William Lobdell

How major papers played Billy Graham's death on front pages: These bylines will be familiar to many

How major papers played Billy Graham's death on front pages: These bylines will be familiar to many

For those in Godbeat circles, many of the bylines splashed across today's front pages are extremely familiar.

I'm talking about names such as William Lobdell and Russell Chandler of the Los Angeles Times, Gayle White of the Atlanta Journal-Constitution and Cathy Lynn Grossman of USA Today.

All of those veteran religion writers — just to name a few — wrote their respective papers' major obituaries marking Wednesday's death of the Rev. Billy Graham at age 99.

But here's what might surprise many ordinary readers: None of them has worked for those papers in years. 

"I must have written and updated a whole suite of advance obit stories on Graham at least three times over 15 years," Grossman said. "I last polished up the package in 2013, in the week before I left the paper on a buyout. However, I stayed in touch with USAT editors (and) emailed them where fixes/changes might be needed over the years."

Welcome to the concept of the "prepared obit."

Here's what that means: News organizations put together obits in advance for certain prominent people, such as presidents, movie stars and — in the case of Graham — world-famous preachers. That way, they're prepared (at least somewhat) if the person dies 10 minutes before deadline.

A New York Times obituary writer explained it this way in a 2014 piece:

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Does the Godbeat sometimes fill you with despair? Well, you're far from alone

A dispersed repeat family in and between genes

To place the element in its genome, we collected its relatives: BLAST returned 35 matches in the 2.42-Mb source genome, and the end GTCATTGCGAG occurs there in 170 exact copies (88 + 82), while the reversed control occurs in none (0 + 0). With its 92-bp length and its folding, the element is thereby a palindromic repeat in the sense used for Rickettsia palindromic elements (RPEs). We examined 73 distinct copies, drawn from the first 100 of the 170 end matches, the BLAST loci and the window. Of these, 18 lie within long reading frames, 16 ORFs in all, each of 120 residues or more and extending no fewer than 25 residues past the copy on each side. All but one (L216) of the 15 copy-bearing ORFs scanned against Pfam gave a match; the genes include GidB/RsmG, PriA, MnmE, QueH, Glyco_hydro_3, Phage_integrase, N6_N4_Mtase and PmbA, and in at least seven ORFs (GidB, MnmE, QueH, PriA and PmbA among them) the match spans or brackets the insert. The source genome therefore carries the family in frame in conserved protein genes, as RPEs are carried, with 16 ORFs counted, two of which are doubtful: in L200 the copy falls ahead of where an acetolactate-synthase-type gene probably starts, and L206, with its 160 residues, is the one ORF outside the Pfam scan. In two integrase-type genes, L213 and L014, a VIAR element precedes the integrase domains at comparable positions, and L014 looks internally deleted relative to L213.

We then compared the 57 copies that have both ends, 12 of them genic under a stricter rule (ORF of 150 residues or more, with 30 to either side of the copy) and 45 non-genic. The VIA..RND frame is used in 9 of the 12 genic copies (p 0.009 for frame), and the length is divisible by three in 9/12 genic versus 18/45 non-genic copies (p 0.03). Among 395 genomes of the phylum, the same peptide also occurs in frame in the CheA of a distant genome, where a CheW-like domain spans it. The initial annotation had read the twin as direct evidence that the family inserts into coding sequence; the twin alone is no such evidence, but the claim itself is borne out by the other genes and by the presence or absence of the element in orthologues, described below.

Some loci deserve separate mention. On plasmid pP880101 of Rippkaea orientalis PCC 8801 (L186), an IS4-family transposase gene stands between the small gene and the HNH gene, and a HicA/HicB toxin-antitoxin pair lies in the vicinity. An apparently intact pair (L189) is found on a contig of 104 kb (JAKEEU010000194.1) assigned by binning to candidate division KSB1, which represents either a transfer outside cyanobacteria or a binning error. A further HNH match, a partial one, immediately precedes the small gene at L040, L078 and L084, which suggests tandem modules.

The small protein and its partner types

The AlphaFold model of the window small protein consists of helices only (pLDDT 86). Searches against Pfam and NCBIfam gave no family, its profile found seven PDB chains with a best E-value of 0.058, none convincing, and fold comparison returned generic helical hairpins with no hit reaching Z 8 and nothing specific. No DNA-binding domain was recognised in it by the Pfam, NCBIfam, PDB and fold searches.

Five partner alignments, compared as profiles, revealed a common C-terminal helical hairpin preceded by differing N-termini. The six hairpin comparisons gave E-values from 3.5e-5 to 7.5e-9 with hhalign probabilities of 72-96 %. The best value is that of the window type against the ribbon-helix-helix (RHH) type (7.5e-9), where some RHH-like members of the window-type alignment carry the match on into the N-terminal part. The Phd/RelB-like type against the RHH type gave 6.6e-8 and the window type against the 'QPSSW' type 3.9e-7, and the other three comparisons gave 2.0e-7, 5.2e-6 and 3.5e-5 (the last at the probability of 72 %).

Does the Godbeat sometimes fill you with despair? Well, you're far from alone

My colleague Bobby Ross Jr. posted a piece last week keyed to a comment made by Laurie Goodstein, the veteran, award-winning New York Times religion reporter, who recently pulled down another big Religion Newswriters Association prize.

Here's what she said, as reported by Religion News Service, which was the source of Bobby's lede:

"There are days when I feel despair about the news and the place of religion in it,” said Laurie Goodstein of The New York Times, named first-place winner for excellence in religion reporting at the Religion Newswriters Association’s 66th annual awards ceremony over the [Aug. 27-30] weekend in Philadelphia.
“This work is getting harder,” added Goodstein, in what she said were unprepared remarks. She won in the large newspapers and wire services category for stories published in 2014.

Neither the RNS story or Bobby' post explained further what Goodstein meant. But Bobby did ask others to react to the question of on-the-beat despair. So here's my response.

On-the-job despair? Sure. Perhaps not of the order experienced by William Lobdell (younger readers should click here to understand this older-demographic God-beat reference), but despair nonetheless.

Frankly, I don't see how anyone -- religion journalist or not, person of faith or no faith -- cannot feel despair from time to time if they are at all aware of the vast world that exists outside themselves and they do not seriously numb their sensitivities via escapist self-indulgence (which, I hope it is clear, I am not endorsing).

It's a bloody mess out there, with much of the absurdity, depravity and pain brought to us in the name of religion.

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